>THE WOMAN IN BLACK by Chameleon Productions

>reviewed by adele tan

>date: 19 jun 2000
>time: 7:30pm
>venue: minds idea edc
>rating: **1/2

>tired already? go home then
>review junkie? whitney, give them this click to sniff

>look, we know that you need to know that we, as responsible reviewers, have some quantifiable categories to rate productions, and are not just relying on some undefinable instinct or gut feeling. So to put your mind at ease, we will give you a logical rating system based on the practitioner's vision / and the reviewer's response of a particular production. Here it is then: ***** : Transcendent / Rapturous. ****: Crystal / Appreciative. ***: Transmitted / Thoughtful. **:Vague / Unsatisfied. * : Uncommunicated / Mystified. Yet in the end, you will feel that this is (1) a cheap attempt to justify the subjective arbitrariness of our rating system (2) buttressed by an interest in the logical (and inevitable) categorisation of such productions, which is (3) undermined by the cheapness of the attempt, and (4) confused by the creeping feeling you are getting that we are dead serious in our feeling that this rating system is an accurate description of the content, intent and quality of the production. Oh please -- does it even matter now? Look, at least we tried.


Horror and suspense are always difficult elements to recreate in a theatrical setting. Few scripts, actors and directors of this genre have managed to leave indelible marks on our imagination, anxieties and fears, without resorting to blood, gore and other scream-flick accoutrements. In WOMAN IN BLACK (WIB), horror and suspense are fleetingly evoked and dissipate as abruptly as they come.

WIB is built around the archetypal vengeful female ghost. The story has it that Arthur Kipps (played by Ng Tze Wei, Frankie), a solicitor, is sent to Malaysia to settle the estate of the late elderly Mrs. Drablow early in his career. Whilst he is there he encounters a deathly spectre, the Woman in Black and uncovers the mystery behind her hauntings and killings, which are carried out to avenge her son's death. A ghastly pattern soon emerges and whomever chances upon a sighting of the ghost will soon find that a child in his surroundings is murdered. Years later, he sees the ghost again and the tragic death of his wife and child quickly ensues.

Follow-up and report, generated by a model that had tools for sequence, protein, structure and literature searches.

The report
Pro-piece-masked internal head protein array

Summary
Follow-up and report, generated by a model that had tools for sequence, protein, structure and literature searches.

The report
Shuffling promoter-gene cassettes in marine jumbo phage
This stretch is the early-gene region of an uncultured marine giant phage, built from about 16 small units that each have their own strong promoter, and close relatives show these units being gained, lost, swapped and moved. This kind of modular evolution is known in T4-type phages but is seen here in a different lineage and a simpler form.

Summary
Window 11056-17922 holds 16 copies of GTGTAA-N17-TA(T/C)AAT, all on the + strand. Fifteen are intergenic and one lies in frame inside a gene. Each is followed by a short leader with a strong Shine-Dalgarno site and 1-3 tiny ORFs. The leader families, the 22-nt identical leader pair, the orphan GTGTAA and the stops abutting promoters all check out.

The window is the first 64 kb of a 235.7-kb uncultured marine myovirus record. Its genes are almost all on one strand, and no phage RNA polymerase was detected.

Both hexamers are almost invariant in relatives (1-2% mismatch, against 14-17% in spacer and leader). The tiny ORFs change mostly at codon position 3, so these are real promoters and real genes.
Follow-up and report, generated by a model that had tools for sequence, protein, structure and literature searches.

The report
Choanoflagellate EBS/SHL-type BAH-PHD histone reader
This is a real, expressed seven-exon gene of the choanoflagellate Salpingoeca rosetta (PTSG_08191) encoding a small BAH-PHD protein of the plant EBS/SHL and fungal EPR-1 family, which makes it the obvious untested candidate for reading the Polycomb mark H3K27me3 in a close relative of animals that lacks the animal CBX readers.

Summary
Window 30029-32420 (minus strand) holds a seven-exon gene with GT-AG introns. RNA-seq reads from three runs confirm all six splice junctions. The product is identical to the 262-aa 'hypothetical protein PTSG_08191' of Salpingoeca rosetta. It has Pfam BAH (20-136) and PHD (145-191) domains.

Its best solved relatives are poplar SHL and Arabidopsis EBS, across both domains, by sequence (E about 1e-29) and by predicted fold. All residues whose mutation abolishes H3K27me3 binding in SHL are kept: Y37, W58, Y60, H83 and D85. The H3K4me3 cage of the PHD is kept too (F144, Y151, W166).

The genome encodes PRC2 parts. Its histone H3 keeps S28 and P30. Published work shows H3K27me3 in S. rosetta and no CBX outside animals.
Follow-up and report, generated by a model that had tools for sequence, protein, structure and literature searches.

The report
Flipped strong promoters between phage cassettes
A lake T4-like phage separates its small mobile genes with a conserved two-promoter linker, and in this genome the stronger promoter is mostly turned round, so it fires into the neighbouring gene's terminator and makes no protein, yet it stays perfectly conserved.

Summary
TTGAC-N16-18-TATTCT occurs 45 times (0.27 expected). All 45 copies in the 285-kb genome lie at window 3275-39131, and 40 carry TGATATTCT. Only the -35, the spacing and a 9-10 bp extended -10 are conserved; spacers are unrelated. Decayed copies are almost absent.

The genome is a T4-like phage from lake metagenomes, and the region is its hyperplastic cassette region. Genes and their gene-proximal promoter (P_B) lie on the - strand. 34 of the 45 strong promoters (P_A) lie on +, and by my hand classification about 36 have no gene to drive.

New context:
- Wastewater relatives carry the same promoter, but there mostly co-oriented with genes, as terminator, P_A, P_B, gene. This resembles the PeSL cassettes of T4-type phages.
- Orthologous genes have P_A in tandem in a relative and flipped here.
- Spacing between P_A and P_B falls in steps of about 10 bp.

The most interesting gambit of this macabre tale lies in its self-referential dramatic structure of a play within a play. WIB commences with Kipps, who in his bid to exorcise the event weighing heavily in his memory and to relate it to his relatives, engages a professional theatre actor (played by Ashraf Safdar) to help him re-enact the tragedy. The roles are reversed in the re-enactment as the actor plays 'Kipps' whilst Kipps plays a variety of characters related to the preceding events and thereby moves through all the motions once more. (One has to swiftly suspend our disbelief at how Kipps is rapidly coached by the actor to drop his self-consciousness and transform into a seasoned thespian). The structure is also supported by the twist at the end of the story where it is revealed that the actor actually SAW the ghost in the supposed artificial re-enactment. The effect is a good one as it playfully arouses some disconcerting confusion to the audience's consciousness of the actual play and the "played out" story within the play. WIB points to its own schizophrenic theatrical artifice seemingly in order to heighten the chilling horror of any self-respecting ghost story.